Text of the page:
Wes Craven’s Best Scenes

This series will be split into four posts starting with his films from the 1970’s and moving on to his Nightmare on Elm Street series before finishing with the Scream franchise. In between I will look at some of his other work as well. 


4- A Nightmare On Elm Street – Tina’s Death

Visually, A Nightmare on Elm Street is a real treat hovering somewhere between gothic, supernatural imagery and the typical 80’s slasher fare. Cinematographer Jacques Haitkin’s work here is innovative and atmospheric, capturing a malevolent mood with light and shadow, most notably in the surrealistic basement scenes set around the furnace. Like so many films of this genre, its artistic ingenuity is intensified with various bloody set-pieces and visual effects. A Nightmare on Elm Street boasts several impressively conceived and well-executed dream/kill sequences. During production, over 500 gallons of fake blood were used for the special effects production. The special effects, most of which are low-tech, are surprisingly effective, and this was the first film to use a breakaway mirror.

Craven’s probing of the waking/dreaming barrier results in some memorable kill sequences. Tina’s (Amanda Wyss) death scene, which featured her trashing across the ceiling, was partly inspired by the movie Royal Wedding (1951), which was the first movie to use a rotating set. The set here slowly spun to allow her to roll into position, with a camera bolted to the wall and a cameraman strapped into a chair beside it, which turned in tandem with the room. It’s important to remember that this was a low budget film shot in 30 days. For the two shots where Rod (Jsu Garcia) and Tina reach out for one another, Tina is actually lying on the floor and Garcia is hanging upside down with his hair pasted to stay flat.

5- A Nightmare on Elm Street – Glenn’s Death

FX man Jim Doyle was responsible for designing and constructing the ingenious full-scale gyro rotating room which was again used for Johnny Depp’s kill. For the famous blood geyser sequence, the furniture, cameraman, director, and actor were fixed in place, and the room would spin upside down, thus allowing the rigged room to appear right side up while thousands of gallons of fake blood would seem to gush, erupt and ejaculate from the bed. On the DVD commentary, Wes Craven remarks that the room spinning the wrong way was like a “Ferris Wheel from hell.” This scene was partly inspired by the elevator scene in The Shining.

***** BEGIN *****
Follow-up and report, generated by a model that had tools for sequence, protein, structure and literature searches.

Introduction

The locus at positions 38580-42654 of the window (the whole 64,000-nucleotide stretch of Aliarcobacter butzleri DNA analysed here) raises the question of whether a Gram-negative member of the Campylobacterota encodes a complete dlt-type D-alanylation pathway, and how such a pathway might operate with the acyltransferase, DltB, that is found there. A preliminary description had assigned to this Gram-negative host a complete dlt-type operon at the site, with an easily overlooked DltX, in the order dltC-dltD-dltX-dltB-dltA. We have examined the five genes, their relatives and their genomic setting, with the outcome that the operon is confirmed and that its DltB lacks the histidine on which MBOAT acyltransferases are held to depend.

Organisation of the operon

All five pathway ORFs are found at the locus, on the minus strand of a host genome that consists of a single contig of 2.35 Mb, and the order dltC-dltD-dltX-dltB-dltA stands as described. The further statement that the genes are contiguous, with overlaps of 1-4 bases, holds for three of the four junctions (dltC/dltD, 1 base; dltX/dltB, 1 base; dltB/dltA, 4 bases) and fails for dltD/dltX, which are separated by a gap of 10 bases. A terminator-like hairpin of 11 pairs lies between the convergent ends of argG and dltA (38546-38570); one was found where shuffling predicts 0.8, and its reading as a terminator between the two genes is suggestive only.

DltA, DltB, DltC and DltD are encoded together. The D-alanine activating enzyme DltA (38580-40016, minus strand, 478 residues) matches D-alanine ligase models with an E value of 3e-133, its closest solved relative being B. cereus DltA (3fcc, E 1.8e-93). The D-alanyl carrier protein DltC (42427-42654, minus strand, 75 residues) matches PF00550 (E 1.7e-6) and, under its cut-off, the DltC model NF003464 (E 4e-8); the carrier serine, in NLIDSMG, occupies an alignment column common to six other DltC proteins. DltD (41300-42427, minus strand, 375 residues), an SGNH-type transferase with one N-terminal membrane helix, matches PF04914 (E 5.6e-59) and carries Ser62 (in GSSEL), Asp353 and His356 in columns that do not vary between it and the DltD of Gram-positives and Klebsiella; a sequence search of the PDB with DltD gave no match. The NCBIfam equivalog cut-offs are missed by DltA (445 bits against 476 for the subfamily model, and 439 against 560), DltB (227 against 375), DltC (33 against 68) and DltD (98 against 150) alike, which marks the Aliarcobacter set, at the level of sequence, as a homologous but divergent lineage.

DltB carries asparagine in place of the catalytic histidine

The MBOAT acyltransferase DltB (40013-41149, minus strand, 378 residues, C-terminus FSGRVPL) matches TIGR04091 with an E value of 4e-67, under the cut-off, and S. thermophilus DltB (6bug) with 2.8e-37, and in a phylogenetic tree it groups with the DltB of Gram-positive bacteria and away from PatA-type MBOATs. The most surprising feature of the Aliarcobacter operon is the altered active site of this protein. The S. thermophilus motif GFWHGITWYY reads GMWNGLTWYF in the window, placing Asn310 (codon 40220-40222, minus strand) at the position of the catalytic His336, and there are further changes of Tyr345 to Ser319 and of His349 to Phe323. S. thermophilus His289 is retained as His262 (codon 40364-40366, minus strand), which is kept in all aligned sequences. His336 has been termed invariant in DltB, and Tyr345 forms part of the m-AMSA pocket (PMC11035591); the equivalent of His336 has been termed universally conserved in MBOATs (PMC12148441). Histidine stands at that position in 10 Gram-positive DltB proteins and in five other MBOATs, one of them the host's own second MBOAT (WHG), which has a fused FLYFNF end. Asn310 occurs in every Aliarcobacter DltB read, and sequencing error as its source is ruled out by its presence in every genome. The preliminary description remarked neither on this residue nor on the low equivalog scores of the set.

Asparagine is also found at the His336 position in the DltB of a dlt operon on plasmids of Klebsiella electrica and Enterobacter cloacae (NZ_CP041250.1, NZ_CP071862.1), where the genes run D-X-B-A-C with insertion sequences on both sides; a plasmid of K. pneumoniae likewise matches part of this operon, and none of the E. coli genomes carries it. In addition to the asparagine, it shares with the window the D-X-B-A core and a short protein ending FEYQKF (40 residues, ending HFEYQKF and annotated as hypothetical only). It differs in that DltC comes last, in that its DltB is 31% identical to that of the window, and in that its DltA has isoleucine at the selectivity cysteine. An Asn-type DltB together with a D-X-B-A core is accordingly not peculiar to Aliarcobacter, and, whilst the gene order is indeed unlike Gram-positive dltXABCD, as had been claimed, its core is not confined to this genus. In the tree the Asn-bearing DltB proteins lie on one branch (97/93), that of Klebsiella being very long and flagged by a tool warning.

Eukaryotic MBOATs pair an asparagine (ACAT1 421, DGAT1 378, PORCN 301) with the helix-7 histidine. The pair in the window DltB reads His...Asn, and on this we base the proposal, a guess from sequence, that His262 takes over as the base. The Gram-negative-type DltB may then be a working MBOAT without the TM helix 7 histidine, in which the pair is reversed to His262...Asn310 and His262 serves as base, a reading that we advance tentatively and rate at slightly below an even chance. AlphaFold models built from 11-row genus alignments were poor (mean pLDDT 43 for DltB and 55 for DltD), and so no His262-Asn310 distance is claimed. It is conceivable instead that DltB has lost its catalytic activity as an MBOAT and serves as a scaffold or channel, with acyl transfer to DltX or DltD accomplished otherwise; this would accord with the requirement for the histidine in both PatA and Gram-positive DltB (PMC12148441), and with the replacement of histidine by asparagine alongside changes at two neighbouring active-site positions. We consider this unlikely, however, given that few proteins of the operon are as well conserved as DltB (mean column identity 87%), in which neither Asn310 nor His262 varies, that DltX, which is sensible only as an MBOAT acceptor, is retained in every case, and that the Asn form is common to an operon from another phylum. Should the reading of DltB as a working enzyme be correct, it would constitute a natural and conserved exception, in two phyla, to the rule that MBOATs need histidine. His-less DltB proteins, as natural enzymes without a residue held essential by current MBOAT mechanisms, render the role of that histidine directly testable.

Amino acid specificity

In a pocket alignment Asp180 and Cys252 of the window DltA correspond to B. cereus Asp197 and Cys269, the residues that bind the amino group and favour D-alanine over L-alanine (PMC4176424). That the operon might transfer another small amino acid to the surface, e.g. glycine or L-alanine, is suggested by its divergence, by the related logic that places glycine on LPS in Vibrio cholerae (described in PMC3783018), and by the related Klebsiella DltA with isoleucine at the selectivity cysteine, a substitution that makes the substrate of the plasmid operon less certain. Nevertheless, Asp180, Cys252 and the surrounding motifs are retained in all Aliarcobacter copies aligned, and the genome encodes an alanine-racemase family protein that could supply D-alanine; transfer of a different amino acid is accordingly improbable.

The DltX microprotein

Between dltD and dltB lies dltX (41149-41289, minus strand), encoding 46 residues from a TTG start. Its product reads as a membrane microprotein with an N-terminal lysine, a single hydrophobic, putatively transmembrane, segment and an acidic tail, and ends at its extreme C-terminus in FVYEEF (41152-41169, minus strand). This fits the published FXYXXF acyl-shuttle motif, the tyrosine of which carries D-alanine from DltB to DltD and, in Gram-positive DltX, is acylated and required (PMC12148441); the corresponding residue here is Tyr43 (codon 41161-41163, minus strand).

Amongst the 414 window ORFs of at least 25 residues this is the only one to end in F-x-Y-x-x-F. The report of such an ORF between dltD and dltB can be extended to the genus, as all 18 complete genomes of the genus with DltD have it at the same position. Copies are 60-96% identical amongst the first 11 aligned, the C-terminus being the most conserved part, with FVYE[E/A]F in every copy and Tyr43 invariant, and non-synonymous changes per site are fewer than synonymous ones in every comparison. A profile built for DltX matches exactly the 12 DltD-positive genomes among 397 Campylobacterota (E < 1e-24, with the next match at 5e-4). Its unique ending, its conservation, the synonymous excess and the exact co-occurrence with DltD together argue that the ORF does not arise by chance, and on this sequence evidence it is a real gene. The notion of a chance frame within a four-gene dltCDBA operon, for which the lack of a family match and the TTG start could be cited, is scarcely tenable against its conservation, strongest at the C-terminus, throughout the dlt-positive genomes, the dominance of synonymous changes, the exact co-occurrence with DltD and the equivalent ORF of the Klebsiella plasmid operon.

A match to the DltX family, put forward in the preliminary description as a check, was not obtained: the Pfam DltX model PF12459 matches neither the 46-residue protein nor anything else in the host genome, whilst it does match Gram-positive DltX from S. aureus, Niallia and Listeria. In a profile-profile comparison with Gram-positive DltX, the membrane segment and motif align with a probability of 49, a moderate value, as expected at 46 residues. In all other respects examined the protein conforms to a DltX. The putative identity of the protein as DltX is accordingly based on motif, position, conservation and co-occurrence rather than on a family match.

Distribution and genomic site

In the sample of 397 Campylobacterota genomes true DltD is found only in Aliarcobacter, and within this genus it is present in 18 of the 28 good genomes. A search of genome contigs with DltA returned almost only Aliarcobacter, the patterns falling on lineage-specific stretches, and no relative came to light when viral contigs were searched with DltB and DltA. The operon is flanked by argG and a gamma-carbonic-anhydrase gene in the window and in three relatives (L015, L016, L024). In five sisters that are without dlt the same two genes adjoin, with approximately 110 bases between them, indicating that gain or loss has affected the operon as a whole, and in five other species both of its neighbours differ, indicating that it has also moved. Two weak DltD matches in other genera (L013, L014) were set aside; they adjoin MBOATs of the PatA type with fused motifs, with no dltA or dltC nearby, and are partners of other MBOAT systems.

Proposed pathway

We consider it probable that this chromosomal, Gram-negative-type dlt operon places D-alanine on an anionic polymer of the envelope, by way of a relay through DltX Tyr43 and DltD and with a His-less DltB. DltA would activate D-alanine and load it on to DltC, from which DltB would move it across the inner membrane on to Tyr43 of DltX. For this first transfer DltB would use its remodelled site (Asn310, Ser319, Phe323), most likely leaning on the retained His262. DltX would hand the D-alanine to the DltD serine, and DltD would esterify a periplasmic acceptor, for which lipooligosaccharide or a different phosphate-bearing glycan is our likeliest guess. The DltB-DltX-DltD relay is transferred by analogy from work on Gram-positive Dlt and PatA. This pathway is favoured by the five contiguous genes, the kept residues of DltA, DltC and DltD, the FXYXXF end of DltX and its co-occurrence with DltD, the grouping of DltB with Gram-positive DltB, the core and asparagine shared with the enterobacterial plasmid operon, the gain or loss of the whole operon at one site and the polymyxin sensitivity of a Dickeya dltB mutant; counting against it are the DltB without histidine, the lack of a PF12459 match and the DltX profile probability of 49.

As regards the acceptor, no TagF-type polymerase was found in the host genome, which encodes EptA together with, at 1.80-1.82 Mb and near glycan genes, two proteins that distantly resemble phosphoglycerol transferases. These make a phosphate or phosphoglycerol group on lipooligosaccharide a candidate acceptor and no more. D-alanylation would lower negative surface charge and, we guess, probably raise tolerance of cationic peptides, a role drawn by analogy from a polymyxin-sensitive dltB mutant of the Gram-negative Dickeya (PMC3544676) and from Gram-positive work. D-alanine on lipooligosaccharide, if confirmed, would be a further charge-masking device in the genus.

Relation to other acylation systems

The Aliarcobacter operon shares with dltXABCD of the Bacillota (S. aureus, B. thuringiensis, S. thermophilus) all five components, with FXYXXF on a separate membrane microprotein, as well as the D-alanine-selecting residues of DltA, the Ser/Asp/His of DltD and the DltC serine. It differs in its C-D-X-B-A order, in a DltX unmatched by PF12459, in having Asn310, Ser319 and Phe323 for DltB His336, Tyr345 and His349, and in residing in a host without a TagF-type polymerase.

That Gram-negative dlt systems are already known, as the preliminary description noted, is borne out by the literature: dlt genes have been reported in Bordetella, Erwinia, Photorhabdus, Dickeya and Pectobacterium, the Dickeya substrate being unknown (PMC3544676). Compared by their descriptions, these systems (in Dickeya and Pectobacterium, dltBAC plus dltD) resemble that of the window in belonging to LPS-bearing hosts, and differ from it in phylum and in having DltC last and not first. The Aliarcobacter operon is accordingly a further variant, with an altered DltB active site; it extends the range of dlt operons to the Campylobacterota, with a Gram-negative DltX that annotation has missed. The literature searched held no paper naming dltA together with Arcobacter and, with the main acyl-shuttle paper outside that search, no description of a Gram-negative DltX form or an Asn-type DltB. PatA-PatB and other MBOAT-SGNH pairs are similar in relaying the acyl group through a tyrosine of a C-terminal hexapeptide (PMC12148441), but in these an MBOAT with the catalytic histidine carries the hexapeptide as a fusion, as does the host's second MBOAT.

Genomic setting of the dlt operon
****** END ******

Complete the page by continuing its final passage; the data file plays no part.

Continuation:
6- A Nightmare On Elm Street – The Famous Bathtub Scene

Particularly effective is the scene where Nancy is attacked by Krueger in her bathtub and pulled under the water into a pitch-black pool leading to a back alley chase where Freddy stalks her. To achieve this effect, the tub was put in a bathroom set that was built over a swimming pool. During this underwater sequence, Heather Langenkamp was replaced with a stuntwoman.


Special Mention:

Also, worth noting is the “melting staircase” as seen in Nancy’s dream, which was created using pancake mix and directed by Friday the 13th director Sean S. Cunningham (who is uncredited).

Finally, the sequence in which Freddy is set on fire, shot in one long take (with several cameramen), featured one hell of an elaborate and dangerous stunt by stuntman Anthony Cecere (who won best stunt of the year for it).

7- Wes Craven’s New Nightmare – Julie’s Death

Wes Craven’s New Nightmare is not just another cash grab in a series of increasingly silly sequels, but rather, a startling and original reinvent of the popular series. Craven sets this version in the ‘real’ world where the original is only a film and Heather Langenkamp is playing herself (along with Wes Craven, Robert Englund, John Saxon and various New Line Cinema executives). It’s a movie within a movie and much like the original film, New Nightmare has some standout scenes of horror. Wes Craven creates a number of effective surprises but the best scene calls back to the 1984 original and features a rotating set in the hospital room as Langenkamp tries to save young Dylan (Miko Hughes) from the deadly claws of Freddy. The special effects team supervised by William Mesa do a superb job and even though New Nightmare isn’t quite as scary as the original made ten years prior, the entire production is steeped in an unsettling atmosphere that makes this a solid entry in the series.

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